PHOTOPHILE- 'Mesmerizing': O'Riordan gives it away at Gravity

Tad Abbey and Jeff Sweatman of The Corner with O'Riordan backstage

What happens when you put a singer who's sold 43 million records into a subterranean club typically reserved for tiny acoustic shows? And then advertise hard for two weeks on the radio? Oh, and don't forget to make it free.

You get traffic– at least 300 people piling into Gravity Lounge Monday, December 3, to hear Dolores O'Riordan, who spent over a decade atop the charts as the frontwoman and lead songwriter for Irish supergroup the Cranberries. Also on the bill was Charlottesville singer-songwriter Helen Horal and Australian rockers called The Kin.

"This is a charming town," declared O'Riordan, now touring under her own name, as she took the stage with two members of her band, brothers Steve and Denny DeMarchi.

"I'm nursing a bit of a cold," she said, "so you're gonna get the Snuffleupagus version of the songs tonight." Anyone worried she'd be one of those artists insisting on sticking with dreaded new material was pleasantly surprised when she opened with hits "Linger" and "Ode to My Family."

Three songs later, it was "Zombie," the song whose video memorably features O'Riordan in gold body paint. It was a three-guitar night, as O'Riordan, when she wasn't reaching toward the rafters, strummed a few numbers herself.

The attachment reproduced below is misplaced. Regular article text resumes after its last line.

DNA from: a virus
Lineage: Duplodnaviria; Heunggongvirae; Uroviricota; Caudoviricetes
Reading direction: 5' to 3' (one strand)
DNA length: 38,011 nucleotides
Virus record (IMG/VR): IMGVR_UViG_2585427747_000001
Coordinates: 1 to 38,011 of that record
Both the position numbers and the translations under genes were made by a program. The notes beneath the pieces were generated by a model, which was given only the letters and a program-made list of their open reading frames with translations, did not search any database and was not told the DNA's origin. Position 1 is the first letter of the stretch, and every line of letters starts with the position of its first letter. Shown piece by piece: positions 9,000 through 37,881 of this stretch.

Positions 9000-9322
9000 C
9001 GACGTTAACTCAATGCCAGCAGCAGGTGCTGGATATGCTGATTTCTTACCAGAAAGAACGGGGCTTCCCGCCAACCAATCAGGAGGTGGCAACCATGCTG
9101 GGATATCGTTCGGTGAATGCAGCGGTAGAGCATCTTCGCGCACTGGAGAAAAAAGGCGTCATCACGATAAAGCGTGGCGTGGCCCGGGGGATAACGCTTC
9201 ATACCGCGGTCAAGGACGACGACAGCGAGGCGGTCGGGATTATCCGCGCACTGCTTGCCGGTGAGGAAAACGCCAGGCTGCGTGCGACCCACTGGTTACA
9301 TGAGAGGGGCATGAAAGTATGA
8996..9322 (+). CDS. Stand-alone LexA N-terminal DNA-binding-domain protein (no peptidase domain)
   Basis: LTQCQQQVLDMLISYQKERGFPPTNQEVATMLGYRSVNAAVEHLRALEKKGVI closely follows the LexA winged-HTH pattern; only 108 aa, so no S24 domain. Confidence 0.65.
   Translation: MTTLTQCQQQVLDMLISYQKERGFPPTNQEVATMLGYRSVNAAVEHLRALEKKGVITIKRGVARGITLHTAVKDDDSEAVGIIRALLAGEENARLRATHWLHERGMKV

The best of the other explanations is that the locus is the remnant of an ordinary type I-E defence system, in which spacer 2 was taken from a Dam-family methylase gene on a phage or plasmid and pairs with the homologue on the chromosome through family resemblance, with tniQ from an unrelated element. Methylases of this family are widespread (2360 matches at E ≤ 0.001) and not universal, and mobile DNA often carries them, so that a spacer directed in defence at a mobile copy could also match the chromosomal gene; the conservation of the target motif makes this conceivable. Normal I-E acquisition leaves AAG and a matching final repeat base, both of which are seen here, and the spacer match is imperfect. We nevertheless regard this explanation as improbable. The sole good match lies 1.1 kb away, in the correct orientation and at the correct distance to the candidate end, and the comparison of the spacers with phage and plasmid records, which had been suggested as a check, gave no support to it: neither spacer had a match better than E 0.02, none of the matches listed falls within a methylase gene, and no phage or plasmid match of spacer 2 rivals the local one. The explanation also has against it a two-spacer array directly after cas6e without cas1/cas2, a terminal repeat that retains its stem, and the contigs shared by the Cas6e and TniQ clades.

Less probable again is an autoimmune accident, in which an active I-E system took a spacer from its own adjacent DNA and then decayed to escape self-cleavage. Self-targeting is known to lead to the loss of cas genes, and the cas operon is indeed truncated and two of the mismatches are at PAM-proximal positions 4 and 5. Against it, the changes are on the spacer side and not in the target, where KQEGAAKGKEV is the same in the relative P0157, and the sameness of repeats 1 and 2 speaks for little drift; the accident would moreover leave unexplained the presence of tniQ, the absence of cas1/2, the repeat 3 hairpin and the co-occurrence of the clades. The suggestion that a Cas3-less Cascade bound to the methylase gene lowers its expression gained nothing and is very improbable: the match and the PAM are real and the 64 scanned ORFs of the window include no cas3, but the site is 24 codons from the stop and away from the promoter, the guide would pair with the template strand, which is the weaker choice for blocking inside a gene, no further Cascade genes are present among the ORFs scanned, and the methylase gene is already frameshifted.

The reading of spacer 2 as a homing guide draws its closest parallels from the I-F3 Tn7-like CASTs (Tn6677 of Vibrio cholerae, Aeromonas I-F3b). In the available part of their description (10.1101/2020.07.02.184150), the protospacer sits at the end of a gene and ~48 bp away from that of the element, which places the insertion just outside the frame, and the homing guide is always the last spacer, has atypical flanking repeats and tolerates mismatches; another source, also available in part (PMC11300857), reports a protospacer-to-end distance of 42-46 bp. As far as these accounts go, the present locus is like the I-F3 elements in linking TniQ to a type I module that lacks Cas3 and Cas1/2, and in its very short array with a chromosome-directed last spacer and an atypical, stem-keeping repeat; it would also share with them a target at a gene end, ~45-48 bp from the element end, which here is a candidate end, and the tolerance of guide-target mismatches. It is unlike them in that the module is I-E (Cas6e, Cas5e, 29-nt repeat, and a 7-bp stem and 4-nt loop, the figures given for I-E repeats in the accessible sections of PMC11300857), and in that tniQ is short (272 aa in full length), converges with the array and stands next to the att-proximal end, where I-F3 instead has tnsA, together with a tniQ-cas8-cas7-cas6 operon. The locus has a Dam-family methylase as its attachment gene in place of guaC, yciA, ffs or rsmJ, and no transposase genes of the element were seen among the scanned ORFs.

"I went up to Monticello by foot today," she told the crowd. "It was pretty cool."

Bandmate Steve DeMarchi, veteran of platinum-selling bands Alias ("More than Words Can Say") and Sheriff ("When I'm With You"), says that's typical athleticism for the pixiesque Dubliner.

"She'll get on a bike and ride 20, 25 miles," says DeMarchi, "and then she'll go swimming for 200 laps."

He also answered the burning question of why an artist as popular as O'Riordan, who still occasionally plays to stadiums, gave her love to a crowd of 300.

"It's actually more fun," says DeMarchi. "We basically had the month of December off, and she really loves doing the small, intimate shows."

After stops in Des Moines and Nashville (the latter a Toys for Tots benefit), the band rolled into Charlottesville after a tour-bus fire. But they got it extinguished and rolled on, DeMarchi said.

The next day, at 7:30am, as he cued up the acoustic version of "Linger" recorded at Gravity, deejay Tad Abbey of the sponsoring radio station, 106.1 The Corner, delivered his review: "mesmerizing."

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